From humble beginnings and large aspirations, a new ‘information superhighway’ dubbed the World Wide Web was born. By the end of 1993, there were 623 websites, by mid-1994 there were 2,738 websites, and by the end of that same year, there were more than 10,000 websites. In 1995, the Internet had a user base of fewer than 40 million users. Comparatively, Facebook today is 15 times larger than the entire Internet was back then. Fast-forward to 2000 and 40 million Americans (48% of US Internet users) had purchased a product online. Today, there are a staggering 1.74 billion websites on the World Wide Web.
Inventor(s) of the Internet
Although it is not possible to credit the invention of the Internet to one singular person, the spawn of the Internet is said to have begun in the 1960s. The concept of a “Galactic Network” was foreseen by MIT’s J.C.R. Licklider who envisioned a globally interconnected system where a multitude of data and programmes could be accessed by anyone. It was also around this time that MIT’s Leonard Kleinrock published his first paper on the ‘packet switching’ theory which suggested that digital data could be transmitted via ‘packets’ instead of circuits. Together with the idea of making computers communicate amongst one another via low-speed dial-up Internet, thus modern-day Internet was born.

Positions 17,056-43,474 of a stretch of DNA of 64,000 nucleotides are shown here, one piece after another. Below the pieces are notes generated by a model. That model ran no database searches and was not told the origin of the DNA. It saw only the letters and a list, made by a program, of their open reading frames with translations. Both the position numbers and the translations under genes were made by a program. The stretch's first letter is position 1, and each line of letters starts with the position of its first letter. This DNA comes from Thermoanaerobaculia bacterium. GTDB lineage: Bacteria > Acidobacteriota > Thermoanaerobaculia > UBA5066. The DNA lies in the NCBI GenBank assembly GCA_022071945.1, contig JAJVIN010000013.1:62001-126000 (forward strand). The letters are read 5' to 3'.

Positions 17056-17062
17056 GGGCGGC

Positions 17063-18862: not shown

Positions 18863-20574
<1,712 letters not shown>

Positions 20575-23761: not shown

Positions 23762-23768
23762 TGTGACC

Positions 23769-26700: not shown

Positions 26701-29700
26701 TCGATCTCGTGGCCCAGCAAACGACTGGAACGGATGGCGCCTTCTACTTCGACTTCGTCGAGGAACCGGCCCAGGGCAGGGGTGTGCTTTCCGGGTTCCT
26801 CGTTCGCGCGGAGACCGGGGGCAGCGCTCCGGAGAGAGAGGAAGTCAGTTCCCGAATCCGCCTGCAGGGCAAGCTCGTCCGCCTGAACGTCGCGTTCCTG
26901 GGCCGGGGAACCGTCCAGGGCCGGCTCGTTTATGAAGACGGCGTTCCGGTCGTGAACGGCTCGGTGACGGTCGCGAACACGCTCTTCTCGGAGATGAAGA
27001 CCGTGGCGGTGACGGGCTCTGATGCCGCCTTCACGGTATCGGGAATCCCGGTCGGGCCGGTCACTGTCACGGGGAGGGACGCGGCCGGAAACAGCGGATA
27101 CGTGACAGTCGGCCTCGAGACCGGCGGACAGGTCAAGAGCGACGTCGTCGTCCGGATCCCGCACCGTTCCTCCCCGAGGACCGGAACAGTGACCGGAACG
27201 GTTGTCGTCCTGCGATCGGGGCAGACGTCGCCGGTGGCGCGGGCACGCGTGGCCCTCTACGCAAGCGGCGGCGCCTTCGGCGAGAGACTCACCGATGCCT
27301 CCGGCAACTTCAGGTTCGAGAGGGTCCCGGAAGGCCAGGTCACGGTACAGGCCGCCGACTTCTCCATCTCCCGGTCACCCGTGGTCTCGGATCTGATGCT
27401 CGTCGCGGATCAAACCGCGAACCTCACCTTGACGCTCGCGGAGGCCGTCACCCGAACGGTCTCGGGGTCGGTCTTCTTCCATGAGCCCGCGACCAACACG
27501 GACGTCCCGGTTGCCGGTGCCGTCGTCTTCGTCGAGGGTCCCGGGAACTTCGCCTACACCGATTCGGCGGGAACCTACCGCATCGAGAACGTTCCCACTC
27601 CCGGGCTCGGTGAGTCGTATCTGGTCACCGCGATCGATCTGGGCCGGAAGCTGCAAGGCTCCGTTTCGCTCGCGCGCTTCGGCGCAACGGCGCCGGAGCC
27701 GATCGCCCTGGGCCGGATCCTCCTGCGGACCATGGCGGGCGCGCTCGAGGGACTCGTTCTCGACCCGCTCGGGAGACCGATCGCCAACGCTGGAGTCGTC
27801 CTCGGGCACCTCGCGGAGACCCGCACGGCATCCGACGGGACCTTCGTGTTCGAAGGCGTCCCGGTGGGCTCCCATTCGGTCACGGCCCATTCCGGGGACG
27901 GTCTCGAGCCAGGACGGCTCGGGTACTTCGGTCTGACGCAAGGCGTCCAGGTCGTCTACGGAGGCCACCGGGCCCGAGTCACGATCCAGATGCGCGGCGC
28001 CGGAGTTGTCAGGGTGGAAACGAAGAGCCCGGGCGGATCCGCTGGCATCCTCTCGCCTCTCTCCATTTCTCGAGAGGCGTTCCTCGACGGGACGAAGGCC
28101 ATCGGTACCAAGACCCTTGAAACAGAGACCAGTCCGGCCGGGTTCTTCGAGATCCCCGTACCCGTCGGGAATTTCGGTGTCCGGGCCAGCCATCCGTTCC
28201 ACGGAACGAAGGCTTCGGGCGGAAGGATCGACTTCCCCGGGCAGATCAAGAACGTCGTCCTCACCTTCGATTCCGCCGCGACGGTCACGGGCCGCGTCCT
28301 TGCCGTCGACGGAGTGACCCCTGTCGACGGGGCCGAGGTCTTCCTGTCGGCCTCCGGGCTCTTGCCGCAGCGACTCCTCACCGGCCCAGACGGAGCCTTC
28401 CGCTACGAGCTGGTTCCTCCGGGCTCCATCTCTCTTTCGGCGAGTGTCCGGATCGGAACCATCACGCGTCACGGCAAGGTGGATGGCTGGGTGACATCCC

It was not until 1989 that the World Wide Web was introduced to the public, an invention that would revolutionise the way in which the world communicates. Invented by Tim Berners-Lee, the World Wide Web was a new refined information system on the Internet which connected various documents via hypertext links, enabling the user to search for information by moving from one document to another. This provided users with an easier and more accessible way to access information and documents on the Internet — known as webpages.
The History of Website Design
Web resources identified by URLs, interlinked by hypertext and accessible over the Internet could be tapped into by anyone. A 1992 version of the world’s first website can still be accessed online which contains plain text, some links and an explanation of the World Wide Web.